Girls rule on WASL

Although the gap is narrowing, girls generally still score higher than boys on the reading and writing portions of the Washington Assessment of Student Learning (WASL).

On the 2001 seventh-grade writing exam, girls scored an average of 22.4 points higher than the boys — the largest gap of any test group.

Girls scored 18.8 points higher than boys on the 10th-grade writing exam and 16.9 points higher on the fourth-grade writing exam.

“It’s not just CK, I think its true statewide. Maybe girls write more than boys do,” said Linda Elman, director of research and evaluation for the Central Kitsap School District.

The WASL is a state-mandated exam designed to measure whether students have mastered the state’s academic standards and to hold schools accountable for student achievment. Unlike other standardized assesments, the WASL asks students not only to choose right answers, but to explain their thinking, write essays and figure out how to solve complicated math problems.

The differences were not as dramatic in the reading section of the test, but girls still scored higher.

There were few differences between boys and girls on the math portion of the test, a patern which held up around the state. Listening scores also showed little difference between girls and boys, according to the OSPI Web site.

When it came to ethnicity, Elman said, patterns were not as clear. WASL results are broken down into American Indian/Alaska Native, Asian/Pacific Islander, Black/African American, Hispanic, white and multiracial ethic categories.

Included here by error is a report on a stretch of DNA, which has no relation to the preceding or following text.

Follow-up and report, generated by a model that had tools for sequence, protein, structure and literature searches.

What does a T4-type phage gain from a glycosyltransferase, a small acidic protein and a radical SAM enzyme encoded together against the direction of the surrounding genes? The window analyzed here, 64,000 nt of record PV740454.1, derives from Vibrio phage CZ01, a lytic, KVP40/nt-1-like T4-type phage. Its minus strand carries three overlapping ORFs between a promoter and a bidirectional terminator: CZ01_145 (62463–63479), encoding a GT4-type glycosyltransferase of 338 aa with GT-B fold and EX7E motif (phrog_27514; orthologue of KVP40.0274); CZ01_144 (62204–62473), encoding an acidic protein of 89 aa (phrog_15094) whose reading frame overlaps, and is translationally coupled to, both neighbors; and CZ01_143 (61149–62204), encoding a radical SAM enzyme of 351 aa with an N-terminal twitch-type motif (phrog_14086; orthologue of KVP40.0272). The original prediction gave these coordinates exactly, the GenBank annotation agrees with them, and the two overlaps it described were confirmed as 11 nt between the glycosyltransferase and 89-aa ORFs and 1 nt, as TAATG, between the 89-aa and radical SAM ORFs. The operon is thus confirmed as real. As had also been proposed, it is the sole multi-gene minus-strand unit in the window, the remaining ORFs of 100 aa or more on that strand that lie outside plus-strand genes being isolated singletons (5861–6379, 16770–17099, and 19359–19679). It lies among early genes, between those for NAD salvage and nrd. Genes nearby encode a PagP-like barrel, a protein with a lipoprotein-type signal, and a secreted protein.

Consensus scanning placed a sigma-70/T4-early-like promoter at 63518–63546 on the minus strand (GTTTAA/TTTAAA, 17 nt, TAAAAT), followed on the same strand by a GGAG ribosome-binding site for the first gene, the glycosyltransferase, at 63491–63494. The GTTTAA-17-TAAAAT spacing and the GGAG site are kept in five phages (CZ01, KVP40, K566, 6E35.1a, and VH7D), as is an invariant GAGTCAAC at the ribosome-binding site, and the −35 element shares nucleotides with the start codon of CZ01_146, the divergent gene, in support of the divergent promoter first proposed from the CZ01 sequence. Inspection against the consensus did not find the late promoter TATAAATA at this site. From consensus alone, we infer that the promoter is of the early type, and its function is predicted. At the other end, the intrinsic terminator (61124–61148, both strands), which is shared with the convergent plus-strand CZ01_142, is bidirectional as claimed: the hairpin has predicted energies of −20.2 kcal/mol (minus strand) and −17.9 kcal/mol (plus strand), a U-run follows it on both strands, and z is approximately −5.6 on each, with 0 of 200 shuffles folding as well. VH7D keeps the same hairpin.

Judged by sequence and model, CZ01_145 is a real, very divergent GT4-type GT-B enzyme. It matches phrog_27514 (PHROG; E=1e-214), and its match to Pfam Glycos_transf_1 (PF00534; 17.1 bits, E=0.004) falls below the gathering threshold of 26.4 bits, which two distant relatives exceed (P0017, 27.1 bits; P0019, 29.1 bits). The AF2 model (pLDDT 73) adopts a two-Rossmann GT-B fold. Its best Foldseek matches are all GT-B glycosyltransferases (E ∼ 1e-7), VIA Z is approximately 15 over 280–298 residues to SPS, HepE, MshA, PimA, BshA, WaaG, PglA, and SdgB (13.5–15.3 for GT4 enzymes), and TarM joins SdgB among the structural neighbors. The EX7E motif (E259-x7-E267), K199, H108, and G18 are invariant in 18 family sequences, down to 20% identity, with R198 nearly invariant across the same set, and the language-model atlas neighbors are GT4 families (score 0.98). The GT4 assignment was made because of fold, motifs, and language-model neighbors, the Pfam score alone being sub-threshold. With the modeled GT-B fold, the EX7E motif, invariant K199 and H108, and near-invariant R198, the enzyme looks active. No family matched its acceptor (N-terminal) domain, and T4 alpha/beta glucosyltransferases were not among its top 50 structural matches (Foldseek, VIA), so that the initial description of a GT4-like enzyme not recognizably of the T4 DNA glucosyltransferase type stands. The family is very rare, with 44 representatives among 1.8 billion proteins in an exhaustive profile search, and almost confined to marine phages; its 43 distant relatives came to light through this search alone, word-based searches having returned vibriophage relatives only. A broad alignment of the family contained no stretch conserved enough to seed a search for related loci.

“Part of it is the numbers are small,” Elman said. “We’re 30 percent non-white, but the individual groups are small. The results are not a stable because one or two high or low performing students can change the average fairly dramatically.”

One category where a large disparity existed was in black/African American students’ math scores. In the seventh grade, just 7.1 percent of black students met the standard in math, down from 10 percent last year. Fourth grade black students’ scores also declined, from 36.8 percent meeting the standard in 2000 to 19.1 percent in 2001.

One bright spot was that 10th grade black student’s scores increased markedly over last year — 29.5 percent met the standard in 2001, up from 4.9 percent in 2000. This year’s scores were comparable to other ethnic groups.

Terry Bergeson, the state Superintendent of Public Instruction, has made understanding the disparity of achievement of certain ethnic groups groups a major priority, according to Kim Schmanke, spokeswoman for the Office of Superintendent of Public Instruction (OPSI).

“(Bergeson) said we need to take a hard look at why there is an achievement gap — at what is going on in their lives in the classroom that is not allowing students to reach their full potential,” Schmanke said.

The OSPI Web site revealed there were disparities in the scores of Hispanics, blacks and American Indians, especially in the math, reading and writing portions of the test.

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